NEWS
By Caitlin Francke and Caitlin Francke,SUN STAFF | July 1, 2000
WASHINGTON, D.C. - Maryland's top judge and Baltimore court officials told their "tale of woe" to hundreds of judges, prosecutors and defense attorneys from around the country yesterday, becoming a national example of what happens when a justice system falls into disrepair. Their message: Work together so this doesn't happen to you, splashed all over your hometown newspaper. "I was not pleased with the focus of the attention on the Baltimore City courts, Maryland Court of Appeal Chief Judge Robert M. Bell told the room of 300 participants at a Department of Justice symposium.
NEWS
By Caitlin Francke and Scott Higham and Caitlin Francke and Scott Higham,SUN STAFF | July 29, 1999
Maryland's Court of Appeals yesterday overturned a lower court's ruling that a convicted sex offender was denied a "speedy trial" under state law because his case was delayed nine times in Baltimore Circuit Court over 16 months.The opinion issued by the state's highest court gives Baltimore judges and prosecutors some breathing room after an embarrassing courthouse crisis that shook public confidence in the justice system.The unanimous opinion, written by Chief Judge Robert M. Bell, said the sex crime conviction against James T. Brown Jr. should not have been dismissed under state law. The ruling calls into question the status of other cases recently dismissed because the suspects waited far beyond the state's 180-day "speedy trial" deadline for their trials to begin.
NEWS
By Lisa Goldberg and Lisa Goldberg,SUN STAFF | September 14, 2001
Frederick chemist Alan Bruce Chmurny died yesterday, less than 24 hours after he swallowed a cyanide pill in open court after hearing a jury convict him of trying to poison a former co-worker with mercury. Chmurny, who had been in the intensive care unit at Howard County General Hospital, was pronounced dead at 1:55 p.m., said hospital spokeswoman Mary Patton, who confirmed that Chmurny suffered cyanide poisoning. Chmurny's decision to swallow the pill Wednesday unnerved Howard Circuit Court officials and stunned his lawyer, Dino Flores.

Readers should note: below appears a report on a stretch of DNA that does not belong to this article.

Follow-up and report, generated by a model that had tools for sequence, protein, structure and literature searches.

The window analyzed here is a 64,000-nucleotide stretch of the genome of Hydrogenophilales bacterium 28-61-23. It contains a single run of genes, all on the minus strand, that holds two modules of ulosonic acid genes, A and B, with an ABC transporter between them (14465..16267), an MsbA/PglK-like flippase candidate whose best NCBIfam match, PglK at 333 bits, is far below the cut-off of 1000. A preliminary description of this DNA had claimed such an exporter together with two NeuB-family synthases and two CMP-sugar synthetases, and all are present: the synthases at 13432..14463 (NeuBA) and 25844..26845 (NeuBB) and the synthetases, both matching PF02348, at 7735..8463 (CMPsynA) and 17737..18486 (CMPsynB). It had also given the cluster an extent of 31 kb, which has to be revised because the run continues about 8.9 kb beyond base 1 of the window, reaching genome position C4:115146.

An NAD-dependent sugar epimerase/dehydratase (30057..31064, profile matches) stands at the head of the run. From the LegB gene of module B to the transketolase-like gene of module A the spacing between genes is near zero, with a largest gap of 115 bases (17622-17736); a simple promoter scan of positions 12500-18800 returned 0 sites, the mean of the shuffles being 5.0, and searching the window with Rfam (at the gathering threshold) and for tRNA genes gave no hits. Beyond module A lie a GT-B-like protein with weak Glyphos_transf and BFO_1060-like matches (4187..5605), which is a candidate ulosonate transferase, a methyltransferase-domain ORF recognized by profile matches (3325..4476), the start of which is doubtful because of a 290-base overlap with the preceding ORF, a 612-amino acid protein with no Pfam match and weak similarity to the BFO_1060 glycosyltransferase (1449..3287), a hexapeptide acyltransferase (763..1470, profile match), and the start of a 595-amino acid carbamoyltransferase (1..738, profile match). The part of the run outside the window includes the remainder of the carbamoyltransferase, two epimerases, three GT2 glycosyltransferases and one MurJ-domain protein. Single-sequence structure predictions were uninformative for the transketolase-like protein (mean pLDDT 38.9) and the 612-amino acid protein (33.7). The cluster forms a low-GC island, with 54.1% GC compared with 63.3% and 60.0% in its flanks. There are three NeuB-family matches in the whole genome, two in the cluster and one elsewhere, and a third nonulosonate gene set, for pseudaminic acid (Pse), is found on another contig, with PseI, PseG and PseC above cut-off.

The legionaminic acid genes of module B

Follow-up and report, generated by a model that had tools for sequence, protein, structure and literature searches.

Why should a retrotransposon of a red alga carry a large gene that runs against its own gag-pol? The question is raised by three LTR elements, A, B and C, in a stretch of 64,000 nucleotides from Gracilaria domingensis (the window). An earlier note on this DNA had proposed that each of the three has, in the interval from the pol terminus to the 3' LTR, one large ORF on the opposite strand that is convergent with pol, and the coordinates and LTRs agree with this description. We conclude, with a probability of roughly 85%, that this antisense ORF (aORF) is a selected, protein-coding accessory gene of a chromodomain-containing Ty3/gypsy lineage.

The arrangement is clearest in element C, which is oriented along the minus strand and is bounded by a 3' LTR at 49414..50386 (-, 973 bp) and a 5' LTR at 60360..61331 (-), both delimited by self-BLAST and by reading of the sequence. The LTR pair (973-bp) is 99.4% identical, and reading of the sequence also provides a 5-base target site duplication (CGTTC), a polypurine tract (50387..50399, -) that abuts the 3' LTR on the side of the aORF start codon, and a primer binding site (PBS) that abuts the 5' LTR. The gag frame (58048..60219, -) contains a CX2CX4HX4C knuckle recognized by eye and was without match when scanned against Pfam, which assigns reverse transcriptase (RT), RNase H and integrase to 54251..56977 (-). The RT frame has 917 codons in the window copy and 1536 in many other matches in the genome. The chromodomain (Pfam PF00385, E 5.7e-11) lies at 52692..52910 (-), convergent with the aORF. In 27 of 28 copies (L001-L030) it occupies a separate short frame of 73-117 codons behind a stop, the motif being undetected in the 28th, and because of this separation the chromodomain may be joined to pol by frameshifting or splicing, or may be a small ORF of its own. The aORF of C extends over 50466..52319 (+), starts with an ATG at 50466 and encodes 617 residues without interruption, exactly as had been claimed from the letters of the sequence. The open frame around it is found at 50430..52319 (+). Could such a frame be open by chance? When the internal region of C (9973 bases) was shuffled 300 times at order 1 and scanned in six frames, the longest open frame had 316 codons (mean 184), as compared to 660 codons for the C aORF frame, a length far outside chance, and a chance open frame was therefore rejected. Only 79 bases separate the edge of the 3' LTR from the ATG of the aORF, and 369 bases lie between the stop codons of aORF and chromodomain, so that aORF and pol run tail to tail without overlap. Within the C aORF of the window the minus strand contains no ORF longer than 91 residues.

NEWS
By Caitlin Francke and Caitlin Francke,SUN STAFF | April 11, 2000
Baltimore court officials put in place yesterday another key reform to streamline criminal cases in the beleaguered Circuit Court. A new criminal case management system will give judges and court officials more control over the flow of the criminal docket. Cases will be scheduled for trial depending on the complexity. A gun case, for example, will be set for trial within 60 days of a defendant's arraignment. But homicide cases take longer to prepare for and try, so they will be set for trial about 120 days after arraignment, according to a news release from the judicial system.
NEWS
By Jay Apperson and Jay Apperson,Staff Writer | April 22, 1993
After Edward Pinkney received a suspended sentence for possession of marijuana, he and his wife went to claim the $750 bond they had paid to secure his release while awaiting trial. Imagine their surprise when Baltimore court officials mistakenly cut them a check for almost $7,500."I thought it was a blessing straight from God," Mr. Pinkney said. "I was ecstatic. . . . I was running around like I was crazy."Now, however, Mr. Pinkney is feeling more cursed than blessed. Circuit Court officials are threatening to prosecute if he doesn't repay the money, and he says he no longer has it all.Mr.